Two other behavioral factors -- overeating and a high-fat diet -- received the next highest mean ratings."
There is an extensive amount of literature on the subject of the causes of obesity. These range from social and environmental factors to psychological causes and even innate factors such as hereditary. Stress has also been established as a central psychological determinant in obesity.
Obesity might follow stress and anxiety. Stress-induced binge eating occurs in laboratory rats subjected to both food restriction and stress, but does not follow food restriction alone (Hagan et al., 2002). This phenomenon suggests that anxiety can contribute to obesity. Indeed, anxious subjects who are obese consume more food than people who are not obese and those who are less anxious and obese (McKenna, 1972; Pine, 1985).
Recently a research project has suggested that obesity in the United States might be the result of a virus.
A virus may bear part of the blame for the epidemic of obesity in this country, University of Wisconsin scientists say. Two Wisconsin researchers, Dr. Nikhil Dhurandhar and Dr. Richard Atkinson, say their preliminary findings suggest a bug called Ad-36, from an adenovirus family that typically triggers mild respiratory symptoms, may put some people at risk for obesity, just as other viruses cause colds, flu, hepatitis and AIDS.
However, the central and most predominant cause of obesity lies within the ambit of contemporary lifestyles. The general causes of obesity are not hard to discern with even a cursory analysis of contemporary third world eating habits and sedentary behavior.
It has become a crusade to change the way Americans live. The nation's landscape they argue is littered with junk food masquerading as health food; candy and candy-like cereals featuring kids' favorite cartoon characters and toy-like packaging; schools that shamelessly hawk soft drinks and snack foods, and multimillion-dollar advertising campaigns to promote such unwholesome products. Schools, in particular, "have become nutritional disaster areas"... "we've created environments that are hostile to physical activity," says psychologist James Sallis, director of the Active Living Research Program at the San Diego State University.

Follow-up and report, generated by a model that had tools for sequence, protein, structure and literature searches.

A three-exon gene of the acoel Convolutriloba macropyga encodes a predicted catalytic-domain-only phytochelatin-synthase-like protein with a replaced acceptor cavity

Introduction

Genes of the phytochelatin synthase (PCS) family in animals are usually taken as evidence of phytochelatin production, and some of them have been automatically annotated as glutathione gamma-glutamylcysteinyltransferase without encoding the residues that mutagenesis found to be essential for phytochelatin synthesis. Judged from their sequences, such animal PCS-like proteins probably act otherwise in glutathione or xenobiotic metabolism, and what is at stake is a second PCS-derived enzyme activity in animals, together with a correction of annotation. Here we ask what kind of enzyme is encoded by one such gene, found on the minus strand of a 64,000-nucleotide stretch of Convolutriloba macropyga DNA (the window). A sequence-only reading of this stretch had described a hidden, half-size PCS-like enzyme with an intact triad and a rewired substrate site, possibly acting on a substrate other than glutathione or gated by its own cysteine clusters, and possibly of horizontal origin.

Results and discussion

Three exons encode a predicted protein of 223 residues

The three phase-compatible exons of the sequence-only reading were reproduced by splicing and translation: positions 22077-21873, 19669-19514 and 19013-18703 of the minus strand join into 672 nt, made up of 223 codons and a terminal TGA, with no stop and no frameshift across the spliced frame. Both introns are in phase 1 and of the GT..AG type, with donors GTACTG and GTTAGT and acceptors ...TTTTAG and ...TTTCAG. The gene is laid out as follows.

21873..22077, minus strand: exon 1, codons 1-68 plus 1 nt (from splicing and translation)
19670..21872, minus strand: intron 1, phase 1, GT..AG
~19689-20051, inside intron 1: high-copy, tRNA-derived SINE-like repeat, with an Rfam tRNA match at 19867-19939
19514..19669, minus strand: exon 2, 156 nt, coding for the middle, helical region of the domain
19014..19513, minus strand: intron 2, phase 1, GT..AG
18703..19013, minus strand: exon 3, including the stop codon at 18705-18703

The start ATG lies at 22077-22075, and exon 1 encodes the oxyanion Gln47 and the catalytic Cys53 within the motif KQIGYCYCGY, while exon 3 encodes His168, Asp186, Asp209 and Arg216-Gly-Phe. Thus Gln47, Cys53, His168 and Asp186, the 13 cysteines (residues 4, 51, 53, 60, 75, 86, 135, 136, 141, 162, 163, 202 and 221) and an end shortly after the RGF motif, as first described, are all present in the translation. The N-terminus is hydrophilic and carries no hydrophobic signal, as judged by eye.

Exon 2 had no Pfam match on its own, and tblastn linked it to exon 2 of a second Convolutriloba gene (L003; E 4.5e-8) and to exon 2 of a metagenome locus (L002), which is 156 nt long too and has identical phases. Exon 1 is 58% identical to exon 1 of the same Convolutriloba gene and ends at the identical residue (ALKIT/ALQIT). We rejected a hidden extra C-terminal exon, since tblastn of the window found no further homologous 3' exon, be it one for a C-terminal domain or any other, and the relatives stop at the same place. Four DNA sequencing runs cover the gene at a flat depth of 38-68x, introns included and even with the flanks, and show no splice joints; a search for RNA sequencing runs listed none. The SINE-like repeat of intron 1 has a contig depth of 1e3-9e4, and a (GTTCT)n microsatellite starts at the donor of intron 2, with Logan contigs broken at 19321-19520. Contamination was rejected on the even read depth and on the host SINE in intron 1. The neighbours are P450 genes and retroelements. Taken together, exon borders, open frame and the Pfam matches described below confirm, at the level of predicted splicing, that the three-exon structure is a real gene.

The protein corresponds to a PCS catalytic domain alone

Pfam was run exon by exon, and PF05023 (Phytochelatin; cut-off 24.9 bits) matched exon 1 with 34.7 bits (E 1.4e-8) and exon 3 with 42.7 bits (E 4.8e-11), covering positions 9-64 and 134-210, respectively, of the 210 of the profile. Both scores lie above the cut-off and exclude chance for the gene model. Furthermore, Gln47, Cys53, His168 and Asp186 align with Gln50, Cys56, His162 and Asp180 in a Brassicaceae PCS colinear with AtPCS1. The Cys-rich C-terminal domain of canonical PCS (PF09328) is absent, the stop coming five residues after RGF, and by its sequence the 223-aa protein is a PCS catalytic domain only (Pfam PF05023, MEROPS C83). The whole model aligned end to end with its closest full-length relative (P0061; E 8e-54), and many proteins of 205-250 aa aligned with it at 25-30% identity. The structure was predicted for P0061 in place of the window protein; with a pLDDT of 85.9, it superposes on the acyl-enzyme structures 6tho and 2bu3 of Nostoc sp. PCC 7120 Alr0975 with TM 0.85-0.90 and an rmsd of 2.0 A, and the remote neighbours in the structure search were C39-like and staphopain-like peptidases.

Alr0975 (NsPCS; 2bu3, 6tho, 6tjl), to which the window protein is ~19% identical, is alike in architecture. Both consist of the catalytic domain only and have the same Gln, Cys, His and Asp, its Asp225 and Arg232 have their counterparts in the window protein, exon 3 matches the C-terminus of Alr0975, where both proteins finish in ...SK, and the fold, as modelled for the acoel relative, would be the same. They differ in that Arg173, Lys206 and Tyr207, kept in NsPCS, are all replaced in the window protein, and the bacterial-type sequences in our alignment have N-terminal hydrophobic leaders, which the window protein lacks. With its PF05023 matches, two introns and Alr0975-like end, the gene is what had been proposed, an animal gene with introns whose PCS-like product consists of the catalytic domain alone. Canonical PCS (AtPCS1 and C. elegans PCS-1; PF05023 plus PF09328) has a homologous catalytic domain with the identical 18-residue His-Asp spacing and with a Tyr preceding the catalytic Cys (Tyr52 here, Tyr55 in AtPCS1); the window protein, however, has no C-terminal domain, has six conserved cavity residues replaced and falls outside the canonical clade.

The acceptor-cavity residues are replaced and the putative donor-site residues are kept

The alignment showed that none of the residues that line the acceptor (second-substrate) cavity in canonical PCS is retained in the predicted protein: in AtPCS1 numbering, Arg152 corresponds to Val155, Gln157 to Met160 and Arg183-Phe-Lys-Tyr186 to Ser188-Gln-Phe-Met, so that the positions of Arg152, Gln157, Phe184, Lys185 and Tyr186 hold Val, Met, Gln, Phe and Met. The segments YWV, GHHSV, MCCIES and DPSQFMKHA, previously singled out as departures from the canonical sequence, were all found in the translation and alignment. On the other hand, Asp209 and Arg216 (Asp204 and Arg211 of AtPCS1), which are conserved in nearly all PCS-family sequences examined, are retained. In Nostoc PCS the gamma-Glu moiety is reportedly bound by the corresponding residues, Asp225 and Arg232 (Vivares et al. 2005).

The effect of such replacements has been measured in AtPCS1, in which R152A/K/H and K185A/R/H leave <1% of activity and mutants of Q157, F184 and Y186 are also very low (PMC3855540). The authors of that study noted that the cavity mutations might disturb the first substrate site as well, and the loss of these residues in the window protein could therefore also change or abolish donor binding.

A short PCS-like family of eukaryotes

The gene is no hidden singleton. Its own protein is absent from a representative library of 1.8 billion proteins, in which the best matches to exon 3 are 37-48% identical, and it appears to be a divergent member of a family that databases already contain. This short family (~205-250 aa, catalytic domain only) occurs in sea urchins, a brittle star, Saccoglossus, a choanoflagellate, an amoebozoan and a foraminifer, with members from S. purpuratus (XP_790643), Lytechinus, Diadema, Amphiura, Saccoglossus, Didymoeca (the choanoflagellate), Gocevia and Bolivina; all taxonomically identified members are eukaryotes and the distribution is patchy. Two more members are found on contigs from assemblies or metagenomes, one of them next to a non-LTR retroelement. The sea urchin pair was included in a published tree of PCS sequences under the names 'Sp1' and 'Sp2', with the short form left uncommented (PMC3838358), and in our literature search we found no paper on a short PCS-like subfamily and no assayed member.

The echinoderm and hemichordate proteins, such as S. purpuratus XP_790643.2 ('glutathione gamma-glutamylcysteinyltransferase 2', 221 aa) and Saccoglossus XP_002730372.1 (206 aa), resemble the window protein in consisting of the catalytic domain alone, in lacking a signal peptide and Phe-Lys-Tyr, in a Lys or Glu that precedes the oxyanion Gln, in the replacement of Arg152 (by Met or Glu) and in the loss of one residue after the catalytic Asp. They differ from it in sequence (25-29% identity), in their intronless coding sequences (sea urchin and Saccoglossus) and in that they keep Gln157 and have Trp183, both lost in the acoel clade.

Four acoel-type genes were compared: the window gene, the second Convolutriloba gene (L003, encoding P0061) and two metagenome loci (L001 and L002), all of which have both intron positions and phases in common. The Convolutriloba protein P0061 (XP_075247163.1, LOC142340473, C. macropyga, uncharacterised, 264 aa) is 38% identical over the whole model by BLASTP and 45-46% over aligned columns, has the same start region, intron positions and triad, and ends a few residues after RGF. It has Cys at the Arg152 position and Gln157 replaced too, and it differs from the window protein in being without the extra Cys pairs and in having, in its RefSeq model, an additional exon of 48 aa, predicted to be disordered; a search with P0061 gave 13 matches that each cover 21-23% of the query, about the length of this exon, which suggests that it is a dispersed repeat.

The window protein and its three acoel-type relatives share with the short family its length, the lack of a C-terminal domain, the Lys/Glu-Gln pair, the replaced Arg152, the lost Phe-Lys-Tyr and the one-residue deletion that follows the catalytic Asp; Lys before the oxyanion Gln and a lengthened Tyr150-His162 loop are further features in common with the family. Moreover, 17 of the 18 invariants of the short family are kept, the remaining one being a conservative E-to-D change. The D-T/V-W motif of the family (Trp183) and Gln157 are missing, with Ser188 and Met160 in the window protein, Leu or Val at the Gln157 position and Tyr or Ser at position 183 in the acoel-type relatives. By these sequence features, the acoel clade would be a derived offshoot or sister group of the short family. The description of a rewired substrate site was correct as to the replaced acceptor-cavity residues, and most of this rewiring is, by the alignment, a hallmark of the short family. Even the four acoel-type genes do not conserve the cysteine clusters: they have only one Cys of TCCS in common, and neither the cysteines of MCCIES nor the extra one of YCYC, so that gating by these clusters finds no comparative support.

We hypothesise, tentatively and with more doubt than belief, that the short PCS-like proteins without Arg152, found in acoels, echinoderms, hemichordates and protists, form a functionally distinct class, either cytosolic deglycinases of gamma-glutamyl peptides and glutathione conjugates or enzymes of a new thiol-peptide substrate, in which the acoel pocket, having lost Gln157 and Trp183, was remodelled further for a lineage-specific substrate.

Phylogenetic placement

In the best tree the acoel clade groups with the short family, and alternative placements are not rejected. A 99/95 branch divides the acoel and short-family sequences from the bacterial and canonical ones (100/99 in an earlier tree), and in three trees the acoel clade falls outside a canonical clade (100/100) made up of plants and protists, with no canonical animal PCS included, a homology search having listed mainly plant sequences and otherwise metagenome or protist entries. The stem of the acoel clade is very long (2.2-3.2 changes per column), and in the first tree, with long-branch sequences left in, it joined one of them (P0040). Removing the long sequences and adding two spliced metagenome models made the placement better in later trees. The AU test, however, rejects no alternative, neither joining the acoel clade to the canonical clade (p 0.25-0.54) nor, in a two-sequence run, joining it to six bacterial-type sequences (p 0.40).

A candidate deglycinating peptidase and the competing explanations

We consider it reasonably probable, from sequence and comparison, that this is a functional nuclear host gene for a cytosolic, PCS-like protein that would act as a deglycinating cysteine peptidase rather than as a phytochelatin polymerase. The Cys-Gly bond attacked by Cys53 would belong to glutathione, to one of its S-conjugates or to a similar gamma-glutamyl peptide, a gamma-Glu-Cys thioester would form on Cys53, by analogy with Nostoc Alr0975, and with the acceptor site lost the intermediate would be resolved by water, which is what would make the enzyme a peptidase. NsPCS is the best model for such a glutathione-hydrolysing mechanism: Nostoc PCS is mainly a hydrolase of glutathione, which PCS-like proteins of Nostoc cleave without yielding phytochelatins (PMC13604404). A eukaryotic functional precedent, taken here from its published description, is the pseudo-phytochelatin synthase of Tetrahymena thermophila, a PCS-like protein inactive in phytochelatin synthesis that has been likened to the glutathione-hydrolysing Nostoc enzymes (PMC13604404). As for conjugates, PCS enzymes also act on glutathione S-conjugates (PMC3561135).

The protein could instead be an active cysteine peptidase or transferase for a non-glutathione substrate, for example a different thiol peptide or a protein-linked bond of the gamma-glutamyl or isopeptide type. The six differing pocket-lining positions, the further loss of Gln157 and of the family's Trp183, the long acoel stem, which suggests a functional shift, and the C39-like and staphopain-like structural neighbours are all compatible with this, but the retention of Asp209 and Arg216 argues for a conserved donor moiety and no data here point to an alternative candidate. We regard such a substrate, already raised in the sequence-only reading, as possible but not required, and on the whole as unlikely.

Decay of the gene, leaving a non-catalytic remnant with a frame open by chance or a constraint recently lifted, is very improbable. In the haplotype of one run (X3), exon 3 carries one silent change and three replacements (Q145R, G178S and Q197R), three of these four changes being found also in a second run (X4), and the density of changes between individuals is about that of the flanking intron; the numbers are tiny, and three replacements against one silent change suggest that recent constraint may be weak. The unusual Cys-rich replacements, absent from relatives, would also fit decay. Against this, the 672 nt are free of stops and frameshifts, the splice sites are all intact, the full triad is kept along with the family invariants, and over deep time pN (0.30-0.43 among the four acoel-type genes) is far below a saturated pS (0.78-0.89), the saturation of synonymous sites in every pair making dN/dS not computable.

3. Related illness
Obesity has a concomitant affect on an individual's overall health and can subsequently be connected to other illness and ailments and is also an exacerbating factor in many common diseases. "As obesity rates continue to grow at epidemic proportions in this country, the net effect will be dramatic increases in related chronic health conditions such as diabetes and cardiovascular disease,"
Obesity also has an effect on many common illnesses such as diabetes, particularly type-2 diabetes. This form of diabetes is usually diagnosed in patients over 40 years of age and is caused by the body's inability to process insulin correctly. This form of diabetes is directly linked to obesity and physical inactivity.
At first, your body overproduces insulin to keep blood sugar normal, but over time this causes your body to lose its ability to produce enough insulin to keep blood sugar levels in the normal healthy range. The result is sugar rises in your blood to high levels. Over a long period of time, high blood sugar levels and diabetes can cause heart disease, stroke, blindness, kidney failure, leg and foot amputations, and pregnancy complications. Diabetes can be a deadly disease: over 200,000 people die each year of diabetes-related complications.
High blood sugar levels can also result in further health complications. The problem for overweight people is that they are much more likely to develop the type-2 form of diabetes than those who carry normal weight. It is estimated that the correlation between obesity and type-2 diabetes is as much as ninety percent. The reason for this is that "being overweight puts added pressure on the body's ability to properly control blood sugar using insulin and therefore makes it much more likely for you to develop diabetes." It is significant that the rapid increase in the number of cases of diabetes is strongly related to the prevalence of obesity in the larger American population.
There is also a strong correlation between obesity and being overweight and certain types of cancer. It has been established that there is an increased risk of kidney cancer in overweight men and women. In obese women there is also the increased risk of endometrial cancer as well as postmenopausal breast cancer. There is also a higher risk of colorectal cancer,…